England got it all wrong

Andrew Flintoff didn't get his field placements right.-AP

You don't have to be a biomechanic, a computer wizard, a crack statistician, a tactical analyst, a physical instructor, or any of the so-called support staff now travelling with the English cricket team to analyse what went wrong with the team's Ashes defence. All that you need is someone with good old-fashioned nous and a knowledge of the fundamentals of bowling and batting.

Never in all the years that I have been involved in cricket have I seen so many batsmen misjudge the line and length of the ball or bowlers so awfully wrong with the basics of their art. The batsmen have generally wanted to push forward to every delivery, and doing so they fell victims to deliveries that deviated.

The second innings of the fourth Test in Melbourne was a classic example of mass suicide by the top order. The first six batsmen were all out trying to drive balls that were too short for playing the shot. Alastair Cook and Kevin Pietersen were bowled while attempting ambitious drives against Stuart Clark, while Ian Bell and Andrew Flintoff were both lbw trying to drive. Andrew Strauss was caught behind attempting to drive while Paul Collingwood was caught at short cover tryiing to drive Brett Lee.

These were fundamentally poor shot selections by the batsmen who were frustrated at not being able to rotate the strike to ease the pressure. Running the singles was either not thought of or was considered impossible by the English batsmen. They all wanted to go for the big shots and seldom, if ever, played with soft hands.

This happened all through the series and I was absolutely amazed that nothing was done to remedy it.

No doubt, England got a couple of good scores, but that was only on pitches that were perfect for batting. When the ball did a bit, and this happened more than it should have on Australian Test strips, the England batsmen never looked like scoring.

Getting the basics of the game right is the basis for success. Whether in bowling, batting or fielding, England were found wanting. Perhaps the most notable thing about their batting, apart from poor judgement of length was their appalling footwork, particularly around the off stump. They seldom moved their feet outside the off stump to cover good deliveries and paid a heavy penalty. The Australian bowlers concentrated on an outside the off stump line and the English batsmen showed no skills whatsoever in countering them.

Bowling wide of off stump is a difficult line for the right-hand bowlers operating against right-hand batsmen. Inevitably, this leads to deliveries that are short enough to be cut. But England do not have a batsman in the top order who can play the cut shot with good technique or authority. Because of this, the Australian bowlers were never under pressure. And adding to England's woes was the fact that they seldom batted with mental aggression or hustled the fielders into error.

Big scores are obtained by batsmen who are mentally alert and aggressive even when the bowling is tight. Andrew Symonds and Matthew Hayden demonstrated this brilliantly when they got together after Australia were 84 for five and in serious trouble on a seaming wicket in Melbourne. Both Symonds and Hayden did not try to belt their way out of trouble but hustled the fielders by rotating the strike and thereby forced the pressure back on the England bowlers. It worked brilliantly as England lost their bowling plot and Symonds and Hayden took the game away from them.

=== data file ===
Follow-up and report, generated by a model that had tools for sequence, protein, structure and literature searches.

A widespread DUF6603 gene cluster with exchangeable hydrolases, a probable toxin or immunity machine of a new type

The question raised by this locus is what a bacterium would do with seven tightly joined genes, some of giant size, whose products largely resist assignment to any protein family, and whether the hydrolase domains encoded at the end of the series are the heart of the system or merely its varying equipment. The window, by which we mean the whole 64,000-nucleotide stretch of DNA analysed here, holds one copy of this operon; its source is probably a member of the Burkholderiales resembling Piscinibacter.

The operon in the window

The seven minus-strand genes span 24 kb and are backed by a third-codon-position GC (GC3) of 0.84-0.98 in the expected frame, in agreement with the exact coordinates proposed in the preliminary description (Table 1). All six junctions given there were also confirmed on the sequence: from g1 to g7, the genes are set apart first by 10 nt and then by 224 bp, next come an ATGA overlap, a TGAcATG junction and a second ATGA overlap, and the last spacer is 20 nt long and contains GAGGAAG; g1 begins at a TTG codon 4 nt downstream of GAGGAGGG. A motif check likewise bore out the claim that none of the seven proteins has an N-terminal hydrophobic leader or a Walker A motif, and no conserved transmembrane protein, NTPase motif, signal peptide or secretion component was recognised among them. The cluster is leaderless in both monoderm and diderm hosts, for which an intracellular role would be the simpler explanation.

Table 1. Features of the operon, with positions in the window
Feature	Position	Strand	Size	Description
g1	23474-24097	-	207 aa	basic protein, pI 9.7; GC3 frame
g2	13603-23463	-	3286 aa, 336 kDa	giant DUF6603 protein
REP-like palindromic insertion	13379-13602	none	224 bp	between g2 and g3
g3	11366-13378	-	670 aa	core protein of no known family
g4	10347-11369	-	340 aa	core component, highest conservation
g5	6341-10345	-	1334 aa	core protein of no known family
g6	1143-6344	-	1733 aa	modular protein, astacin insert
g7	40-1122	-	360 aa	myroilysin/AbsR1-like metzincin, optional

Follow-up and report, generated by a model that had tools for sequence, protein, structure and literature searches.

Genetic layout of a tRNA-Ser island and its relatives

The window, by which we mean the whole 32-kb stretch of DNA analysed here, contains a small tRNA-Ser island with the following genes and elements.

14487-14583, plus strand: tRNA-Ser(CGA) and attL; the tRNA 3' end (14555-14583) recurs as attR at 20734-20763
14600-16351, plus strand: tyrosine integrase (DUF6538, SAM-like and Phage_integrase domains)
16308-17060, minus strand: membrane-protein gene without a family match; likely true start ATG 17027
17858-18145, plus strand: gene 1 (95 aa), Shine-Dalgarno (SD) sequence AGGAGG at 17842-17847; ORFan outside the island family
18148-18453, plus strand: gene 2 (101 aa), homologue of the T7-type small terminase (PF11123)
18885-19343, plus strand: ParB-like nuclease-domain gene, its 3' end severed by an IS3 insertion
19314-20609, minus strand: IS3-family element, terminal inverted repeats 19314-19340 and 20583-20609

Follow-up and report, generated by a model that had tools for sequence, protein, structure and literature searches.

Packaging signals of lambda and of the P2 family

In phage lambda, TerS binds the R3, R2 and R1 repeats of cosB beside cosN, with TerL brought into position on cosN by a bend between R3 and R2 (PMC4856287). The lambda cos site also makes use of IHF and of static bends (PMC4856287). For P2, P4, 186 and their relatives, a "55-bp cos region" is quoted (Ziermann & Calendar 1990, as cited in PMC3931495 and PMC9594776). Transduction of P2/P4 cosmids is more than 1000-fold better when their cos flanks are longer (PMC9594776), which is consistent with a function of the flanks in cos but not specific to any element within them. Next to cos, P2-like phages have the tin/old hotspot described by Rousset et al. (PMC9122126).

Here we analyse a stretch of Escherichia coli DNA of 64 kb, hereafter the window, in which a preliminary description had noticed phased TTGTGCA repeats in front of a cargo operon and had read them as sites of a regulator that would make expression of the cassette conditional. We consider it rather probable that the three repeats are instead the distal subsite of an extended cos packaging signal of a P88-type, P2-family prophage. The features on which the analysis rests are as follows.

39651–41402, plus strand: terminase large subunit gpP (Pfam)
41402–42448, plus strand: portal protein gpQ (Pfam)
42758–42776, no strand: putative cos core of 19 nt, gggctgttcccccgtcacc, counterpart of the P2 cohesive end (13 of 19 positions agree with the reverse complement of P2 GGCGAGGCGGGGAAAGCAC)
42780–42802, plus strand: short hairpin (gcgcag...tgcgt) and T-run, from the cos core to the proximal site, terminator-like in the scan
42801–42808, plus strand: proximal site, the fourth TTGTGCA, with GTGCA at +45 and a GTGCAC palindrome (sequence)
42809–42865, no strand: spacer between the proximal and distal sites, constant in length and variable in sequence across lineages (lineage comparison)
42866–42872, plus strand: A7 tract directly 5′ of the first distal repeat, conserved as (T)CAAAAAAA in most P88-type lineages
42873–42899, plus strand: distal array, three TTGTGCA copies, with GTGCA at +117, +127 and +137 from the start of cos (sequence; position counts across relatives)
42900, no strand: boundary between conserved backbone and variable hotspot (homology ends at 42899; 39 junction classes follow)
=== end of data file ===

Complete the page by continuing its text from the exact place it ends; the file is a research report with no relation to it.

When I look back on this series, I am convinced that England just didn't play enough cricket before they arrived in Australia for such an important series. The only way a team can give off its best against a tough opposition is with match practice. England looked totally underdone from the moment they arrived in Australia and any improvement they seemed to have made was only marginal.

Any Test bowler, no matter what style he chooses, is worth his position in the side only if he can bowl an immaculate line and length. Only Matthew Hoggard looked capable of reaching that standard.

I don't think I have ever seen a series where the bowling of a team was so inconsistent. The pity for England is that quite a few of the pitches were conducive to bowling but unfortunately they didn't have enough bowlers who could hit the right spot. How could England achieve this if their bowlers do not bowl enough overs per season?

The marked difference between the two bowling attacks was that the Australian pacemen bowled a fuller length and hit the line and length of uncertainty on a regular basis.

We also saw some weird field placements by England. I am not sure who devises such tactics, whether it is Duncan Fletcher, Andrew Flintoff or some faceless tactician. At one stage, with the new ball only a few overs old, the field for Hayden consisted of one fielder on the edge of the pitch, near the batsman at the bowler's end, a short wide mid-off and a short cover. It was a crazy field, particularly when most of the batsmen were being dismissed lbw, bowled or caught behind. It made no sense.

While I am obviously pleased with Australia's victory I am also worried about what is going on in English cricket. If the way this England team played and the tactics it used are commonplace in English cricket, then Test cricket is in jeopardy. Particularly when you see the falling standards of Test cricket worldwide.

The young batsmen such as Strauss, Cook and Bell are all products of the English centres of excellence. If the faulty techniques I saw in these youngsters are examples of the coaching methods of these centres, England have much to worry about.